4.  Security Considerations

   This protocol does not introduce any new security considerations
   since it is built on the DNS and HTTP protocols.

   Since this protocol transmits DNS messages, all of the security
   concerns that stub resolvers and recursive resolvers have with DNS
   messages apply.  However, since HTTP uses TCP as the underlying
   protocol, DNS reflection or amplification attacks are not possible.

   Since HTTP is used, all of the security concerns of HTTP are also

   Servers and clients SHOULD use TLS for communication.  It provides
   privacy and integrity for HTTP sessions.  If TLS is used, then all of
   the security concerns of TLS are also present.

   As specified in RFC 5246 [RFC5246], both the HTTP server and client
   can be authenticated or not authenticated.  Clients SHOULD
   authenticate the certificate of the HTTP server they connect to.  The
   DNS service providers can decide whether to authenticate the client
   side based on their own requirement for security and privacy.  For
   example, clients of an open resolver do not require authentication.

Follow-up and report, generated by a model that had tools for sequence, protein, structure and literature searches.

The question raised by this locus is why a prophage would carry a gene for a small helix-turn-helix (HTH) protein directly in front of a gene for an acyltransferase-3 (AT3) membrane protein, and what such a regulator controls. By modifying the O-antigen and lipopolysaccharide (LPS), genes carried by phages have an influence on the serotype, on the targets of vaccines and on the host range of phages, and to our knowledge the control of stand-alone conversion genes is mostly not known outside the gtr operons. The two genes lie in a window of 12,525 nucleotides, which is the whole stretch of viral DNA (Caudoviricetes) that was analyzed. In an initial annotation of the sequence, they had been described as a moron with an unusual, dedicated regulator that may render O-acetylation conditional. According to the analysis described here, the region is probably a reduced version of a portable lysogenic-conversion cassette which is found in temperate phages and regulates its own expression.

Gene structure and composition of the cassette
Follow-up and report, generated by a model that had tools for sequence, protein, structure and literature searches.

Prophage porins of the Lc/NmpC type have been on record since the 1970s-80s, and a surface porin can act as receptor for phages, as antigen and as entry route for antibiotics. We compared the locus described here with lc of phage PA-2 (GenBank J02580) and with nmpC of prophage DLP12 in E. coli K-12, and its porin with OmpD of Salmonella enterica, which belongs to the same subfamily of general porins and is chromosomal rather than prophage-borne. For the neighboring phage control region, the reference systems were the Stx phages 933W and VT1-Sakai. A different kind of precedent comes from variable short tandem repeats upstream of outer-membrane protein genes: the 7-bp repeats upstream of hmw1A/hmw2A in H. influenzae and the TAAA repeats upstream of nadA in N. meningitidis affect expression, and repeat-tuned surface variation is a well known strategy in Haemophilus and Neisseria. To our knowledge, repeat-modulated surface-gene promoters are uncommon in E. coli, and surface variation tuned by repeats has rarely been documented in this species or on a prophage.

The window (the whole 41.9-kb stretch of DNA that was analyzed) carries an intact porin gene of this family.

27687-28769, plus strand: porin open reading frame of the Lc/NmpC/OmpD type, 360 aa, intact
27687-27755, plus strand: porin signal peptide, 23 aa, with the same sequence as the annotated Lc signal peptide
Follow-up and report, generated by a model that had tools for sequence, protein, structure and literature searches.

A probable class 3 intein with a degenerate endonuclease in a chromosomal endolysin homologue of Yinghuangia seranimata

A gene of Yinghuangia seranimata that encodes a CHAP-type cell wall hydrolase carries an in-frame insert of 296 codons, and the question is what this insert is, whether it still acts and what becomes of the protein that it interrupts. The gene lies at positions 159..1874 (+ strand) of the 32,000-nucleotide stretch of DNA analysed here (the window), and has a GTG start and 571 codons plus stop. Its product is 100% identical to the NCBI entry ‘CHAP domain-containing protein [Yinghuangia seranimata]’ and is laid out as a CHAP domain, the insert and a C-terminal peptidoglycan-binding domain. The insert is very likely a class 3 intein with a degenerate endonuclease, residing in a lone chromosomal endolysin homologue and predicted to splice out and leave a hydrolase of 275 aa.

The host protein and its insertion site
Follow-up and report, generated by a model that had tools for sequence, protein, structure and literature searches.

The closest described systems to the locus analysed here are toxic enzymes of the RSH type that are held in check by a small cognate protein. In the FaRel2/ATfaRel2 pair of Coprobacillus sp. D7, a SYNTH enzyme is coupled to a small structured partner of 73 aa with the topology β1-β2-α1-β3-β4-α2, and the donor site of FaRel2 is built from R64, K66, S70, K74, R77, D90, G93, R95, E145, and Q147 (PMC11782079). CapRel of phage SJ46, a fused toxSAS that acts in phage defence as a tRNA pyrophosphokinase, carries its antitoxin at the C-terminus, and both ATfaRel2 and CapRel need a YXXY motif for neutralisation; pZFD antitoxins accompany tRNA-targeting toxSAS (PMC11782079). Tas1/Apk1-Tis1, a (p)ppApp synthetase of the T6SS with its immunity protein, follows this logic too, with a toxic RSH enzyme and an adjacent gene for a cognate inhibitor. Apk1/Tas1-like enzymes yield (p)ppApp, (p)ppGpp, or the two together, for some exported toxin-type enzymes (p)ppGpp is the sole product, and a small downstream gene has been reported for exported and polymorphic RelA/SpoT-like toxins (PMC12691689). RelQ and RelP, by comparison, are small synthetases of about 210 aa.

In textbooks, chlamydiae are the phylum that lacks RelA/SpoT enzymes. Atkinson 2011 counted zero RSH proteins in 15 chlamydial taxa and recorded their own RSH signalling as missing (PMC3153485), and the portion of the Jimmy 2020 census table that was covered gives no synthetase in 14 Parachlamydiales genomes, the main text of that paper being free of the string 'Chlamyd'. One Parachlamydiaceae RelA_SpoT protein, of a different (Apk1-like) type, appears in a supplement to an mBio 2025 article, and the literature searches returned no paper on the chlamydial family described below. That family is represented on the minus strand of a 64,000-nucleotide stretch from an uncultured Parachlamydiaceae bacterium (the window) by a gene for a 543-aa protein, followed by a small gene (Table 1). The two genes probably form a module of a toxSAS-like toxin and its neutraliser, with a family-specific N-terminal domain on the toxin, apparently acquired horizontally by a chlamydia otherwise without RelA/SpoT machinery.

5.  IANA considerations

   Registration for a new HTTP header field: Proxy-DNS-Transport

   Registration for a new Well-Known URI: "dns-over-http"

6.  Acknowledgments

   Thanks to Bob Harold and Paul Hoffman for review.

7.  References

   [DOTSE]    and , "DNSSEC Tests of Consumer Broadband Routers",
              February 2008,

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              Bortzmeyer, S., "JSON format to represent DNS data",
              draft-bortzmeyer-dns-json-01 (work in progress), February

              Dickinson, J., Dickinson, S., Bellis, R., Mankin, A., and
              D. Wessels, "DNS Transport over TCP - Implementation
              Requirements", draft-ietf-dnsop-5966bis-04 (work in
              progress), November 2015.

              Parthasarathy, M. and P. Vixie, "Representing DNS messages
              using XML", draft-mohan-dns-query-xml-00 (work in